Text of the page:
The Old Man and The Boy service an off shore wind farm out in the North Sea, way beyond being able to see land. They live on a platform (I imagine Sealand) and their view is just the sea and various generations of decaying turbines. As one turbine dies, they cannibalise its parts to repair others. The Boy is there to replace his father who broke his contract. The Old Man has always been there. They are serviced by a quarterly supply boat whose master runs a black market trading racket. He trades the lagan and jetsam that the Old Man is able to fish up from the seabed in return for the supplies that might stretch the lifespan of the turbines.
There is no beginning and no end. The Boy and the Old Man have no past life; they have no future. There is no boundary to the wind farm and the sea. There is no hint of anyone who might benefit from the wind farm.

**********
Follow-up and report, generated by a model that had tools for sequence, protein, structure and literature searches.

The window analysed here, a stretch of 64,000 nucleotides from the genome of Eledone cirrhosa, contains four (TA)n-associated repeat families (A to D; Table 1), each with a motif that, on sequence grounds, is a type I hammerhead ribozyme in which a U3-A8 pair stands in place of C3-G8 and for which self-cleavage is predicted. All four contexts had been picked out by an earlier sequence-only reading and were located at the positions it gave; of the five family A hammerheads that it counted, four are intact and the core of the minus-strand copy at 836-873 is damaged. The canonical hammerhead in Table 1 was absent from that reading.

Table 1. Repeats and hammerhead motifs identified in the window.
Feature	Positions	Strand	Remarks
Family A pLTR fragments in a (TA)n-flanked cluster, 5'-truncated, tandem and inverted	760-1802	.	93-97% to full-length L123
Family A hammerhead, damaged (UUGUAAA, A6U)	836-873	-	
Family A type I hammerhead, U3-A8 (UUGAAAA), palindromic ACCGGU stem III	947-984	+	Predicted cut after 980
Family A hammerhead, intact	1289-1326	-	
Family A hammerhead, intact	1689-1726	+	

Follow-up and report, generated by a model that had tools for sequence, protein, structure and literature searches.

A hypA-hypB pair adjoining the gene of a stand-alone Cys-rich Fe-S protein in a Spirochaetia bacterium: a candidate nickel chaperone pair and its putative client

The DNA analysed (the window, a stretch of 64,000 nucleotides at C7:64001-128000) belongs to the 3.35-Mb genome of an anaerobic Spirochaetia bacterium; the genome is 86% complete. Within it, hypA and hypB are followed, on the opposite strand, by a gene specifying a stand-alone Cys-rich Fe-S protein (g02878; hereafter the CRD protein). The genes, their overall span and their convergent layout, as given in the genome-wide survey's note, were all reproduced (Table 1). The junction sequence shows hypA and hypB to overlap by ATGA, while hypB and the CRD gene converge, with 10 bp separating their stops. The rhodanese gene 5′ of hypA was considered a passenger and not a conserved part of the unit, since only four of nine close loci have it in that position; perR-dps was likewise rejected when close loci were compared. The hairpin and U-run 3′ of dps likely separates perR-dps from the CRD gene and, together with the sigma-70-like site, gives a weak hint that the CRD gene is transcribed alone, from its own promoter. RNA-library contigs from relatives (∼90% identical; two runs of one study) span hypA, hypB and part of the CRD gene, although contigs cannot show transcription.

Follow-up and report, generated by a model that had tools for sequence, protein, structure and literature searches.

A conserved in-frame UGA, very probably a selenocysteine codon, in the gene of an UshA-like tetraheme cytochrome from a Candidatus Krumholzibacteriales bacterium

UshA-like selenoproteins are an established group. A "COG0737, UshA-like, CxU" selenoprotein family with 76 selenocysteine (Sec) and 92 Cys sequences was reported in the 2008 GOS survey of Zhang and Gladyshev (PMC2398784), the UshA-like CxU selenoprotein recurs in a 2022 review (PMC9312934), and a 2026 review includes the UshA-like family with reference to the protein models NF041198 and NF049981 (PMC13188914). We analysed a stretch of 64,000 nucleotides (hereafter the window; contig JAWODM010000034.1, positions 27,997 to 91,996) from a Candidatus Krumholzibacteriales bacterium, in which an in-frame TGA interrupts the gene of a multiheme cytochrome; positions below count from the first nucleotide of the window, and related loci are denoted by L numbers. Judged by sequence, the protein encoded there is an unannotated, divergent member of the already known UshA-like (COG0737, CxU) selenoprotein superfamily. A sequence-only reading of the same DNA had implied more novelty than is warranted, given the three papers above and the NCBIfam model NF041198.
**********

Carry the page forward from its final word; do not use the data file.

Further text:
The Boy and the Old Man are suspicious of each other. With just one another for company - and the creaks and grand and bangs of the plant as it is ravaged by the sea - they try to live independent lives despite being mutually dependent on one another. They care for each other and they hate each other.
Bizarrely, this reminded me of the vast cattle stations in Australia, remote and isolated, farmers living in grinding poverty to supply a wealthy nation that they seldom see with their meat. And inevitably - probably intentionally - it reminded me of The Old Man and The Sea. Almost nothing happens, just the battle between man and nature that nature always wins. And then, there were also shades of the final scenes of The Truman Show as Truman sails for a shoreline he doesn't even believe exists.